Innovation That Matters

Measuring stress levels could be an important step to helping many types of patients | Photo source Engin Akyurt on Unsplash

A wearable sensor for tracking stress

Health & Wellbeing

Researchers have developed a wearable sensor that can measure stress levels without the need for a blood test

Spotted: Feeling stressed happens to all of us, but until now, there has been no easy way to accurately determine stress levels. That may be about to change, however, thanks to a wearable sensor developed by engineers at Switzerland’s École Polytechnique Fédérale de Lausanne (EPLF). Researchers at EPLF’s Nanoelectronic Devices Laboratory (Nanolab), working alongside the wearable sensor company Xsensio, have created a device that measures the concentration of cortisol — the main stress biomarker — in the wearer’s sweat.

Cortisol is a steroid hormone produced in the adrenal glands. When under stress, cortisol instructs the body to direct additional energy to the brain, muscles and heart. Importantly, the hormone allows the body to cope and self-regulate. However, if too much cortisol is produced over an extended period, it can lead to adverse health conditions, such as cardiovascular disease or depression. This new external device, which measures cortisol levels in real-time, could prove essential to the treatment and prevention of these issues, by providing a continuous, non-intrusive and personalised service.

While blood tests can measure cortisol levels, they are invasive and time-consuming. However, working on the premise that cortisol can also be detected in sweat, the Nanolab team has created a wearable patch containing aptamers, or short fragments of single-stranded DNA or RNA that can bind to specific compounds. The aptamer in the patch carries a negative charge; when it comes into contact with cortisol, it binds to the hormone. The device then detects the charge and uses this to measure the cortisol concentration in the wearer’s sweat.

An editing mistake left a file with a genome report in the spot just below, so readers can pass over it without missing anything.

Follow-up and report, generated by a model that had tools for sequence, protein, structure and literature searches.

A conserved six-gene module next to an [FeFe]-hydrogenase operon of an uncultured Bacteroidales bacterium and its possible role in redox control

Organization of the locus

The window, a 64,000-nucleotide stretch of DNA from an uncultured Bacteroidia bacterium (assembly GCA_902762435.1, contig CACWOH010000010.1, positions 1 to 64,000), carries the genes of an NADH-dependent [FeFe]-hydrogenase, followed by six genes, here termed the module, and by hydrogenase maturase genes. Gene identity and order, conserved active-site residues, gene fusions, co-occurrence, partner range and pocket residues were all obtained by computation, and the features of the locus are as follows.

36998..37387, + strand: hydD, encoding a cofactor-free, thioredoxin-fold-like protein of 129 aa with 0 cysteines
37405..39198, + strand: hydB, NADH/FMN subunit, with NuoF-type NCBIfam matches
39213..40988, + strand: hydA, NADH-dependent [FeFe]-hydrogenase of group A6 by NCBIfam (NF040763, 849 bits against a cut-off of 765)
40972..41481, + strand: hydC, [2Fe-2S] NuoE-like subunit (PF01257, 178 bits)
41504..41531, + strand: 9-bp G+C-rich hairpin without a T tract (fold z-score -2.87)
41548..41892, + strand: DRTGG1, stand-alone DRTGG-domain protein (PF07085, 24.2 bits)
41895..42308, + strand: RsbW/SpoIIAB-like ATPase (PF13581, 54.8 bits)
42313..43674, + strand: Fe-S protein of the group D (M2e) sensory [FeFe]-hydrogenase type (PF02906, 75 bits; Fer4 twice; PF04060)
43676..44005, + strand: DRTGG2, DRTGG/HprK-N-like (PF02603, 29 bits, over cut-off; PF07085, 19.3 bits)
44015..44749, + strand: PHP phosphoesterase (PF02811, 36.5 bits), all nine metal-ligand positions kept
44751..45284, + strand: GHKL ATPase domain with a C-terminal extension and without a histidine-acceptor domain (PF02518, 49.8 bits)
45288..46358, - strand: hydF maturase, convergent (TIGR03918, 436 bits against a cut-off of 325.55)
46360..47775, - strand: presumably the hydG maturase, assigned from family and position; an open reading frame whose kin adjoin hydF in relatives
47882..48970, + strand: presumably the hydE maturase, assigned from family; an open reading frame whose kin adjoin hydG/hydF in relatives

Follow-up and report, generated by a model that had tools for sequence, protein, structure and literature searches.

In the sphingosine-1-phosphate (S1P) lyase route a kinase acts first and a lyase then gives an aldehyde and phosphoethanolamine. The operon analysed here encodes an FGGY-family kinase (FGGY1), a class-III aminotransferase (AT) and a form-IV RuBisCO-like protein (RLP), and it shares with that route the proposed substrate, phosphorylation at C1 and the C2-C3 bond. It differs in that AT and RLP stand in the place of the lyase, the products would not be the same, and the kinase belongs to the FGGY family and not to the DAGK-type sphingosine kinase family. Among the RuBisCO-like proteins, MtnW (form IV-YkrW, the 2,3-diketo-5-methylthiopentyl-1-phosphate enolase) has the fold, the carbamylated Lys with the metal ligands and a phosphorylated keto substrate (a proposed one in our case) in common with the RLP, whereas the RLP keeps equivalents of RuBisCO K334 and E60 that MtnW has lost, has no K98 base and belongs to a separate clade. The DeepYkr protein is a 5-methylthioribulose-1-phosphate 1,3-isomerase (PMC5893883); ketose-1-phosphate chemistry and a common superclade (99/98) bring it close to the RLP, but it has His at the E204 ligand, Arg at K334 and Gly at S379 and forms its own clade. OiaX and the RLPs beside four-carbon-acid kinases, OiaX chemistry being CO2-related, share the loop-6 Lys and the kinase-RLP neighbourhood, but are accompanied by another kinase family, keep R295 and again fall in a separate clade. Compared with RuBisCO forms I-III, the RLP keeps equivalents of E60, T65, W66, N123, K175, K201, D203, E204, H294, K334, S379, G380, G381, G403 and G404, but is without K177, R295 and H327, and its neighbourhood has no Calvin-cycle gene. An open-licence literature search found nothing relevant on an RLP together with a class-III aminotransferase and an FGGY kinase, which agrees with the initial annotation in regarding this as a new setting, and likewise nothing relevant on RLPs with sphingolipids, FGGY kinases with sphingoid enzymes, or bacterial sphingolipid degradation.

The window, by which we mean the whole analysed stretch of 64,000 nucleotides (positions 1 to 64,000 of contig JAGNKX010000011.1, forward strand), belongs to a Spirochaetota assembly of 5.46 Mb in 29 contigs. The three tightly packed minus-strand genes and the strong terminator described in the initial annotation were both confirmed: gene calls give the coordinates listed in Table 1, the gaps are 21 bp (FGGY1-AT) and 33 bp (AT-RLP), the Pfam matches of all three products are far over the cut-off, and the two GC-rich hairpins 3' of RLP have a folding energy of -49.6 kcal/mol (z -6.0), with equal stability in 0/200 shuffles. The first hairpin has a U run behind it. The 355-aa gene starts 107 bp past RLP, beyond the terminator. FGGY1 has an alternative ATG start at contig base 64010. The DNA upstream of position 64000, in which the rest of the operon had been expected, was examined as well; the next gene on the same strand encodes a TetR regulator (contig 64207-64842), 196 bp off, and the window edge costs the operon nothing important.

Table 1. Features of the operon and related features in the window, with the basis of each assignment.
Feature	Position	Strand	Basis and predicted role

To test the device, Nanolab engineers placed the device on Xsensio’s proprietary Lab-on-Skin platform, and the sensor is due to be tested in human trials in a healthcare setting. Adrian Ionescu, head of Nanolab explained that, for psychiatric patients suffering from stress, “having a reliable, wearable system can help doctors objectively quantify whether a patient is suffering from depression or burnout, for example, and whether their treatment is effective. What’s more, doctors would have that information in real-time.”

As sensors become more sophisticated, the number and variety of health-oriented wearables have skyrocketed. At Springwise, we have recently seen wearables such as an earring that monitors blood sugar levels, a gait sensor for at-home physiotherapy and an AI-enabled wearable for monitoring asthma.

Written By: Lisa Magloff

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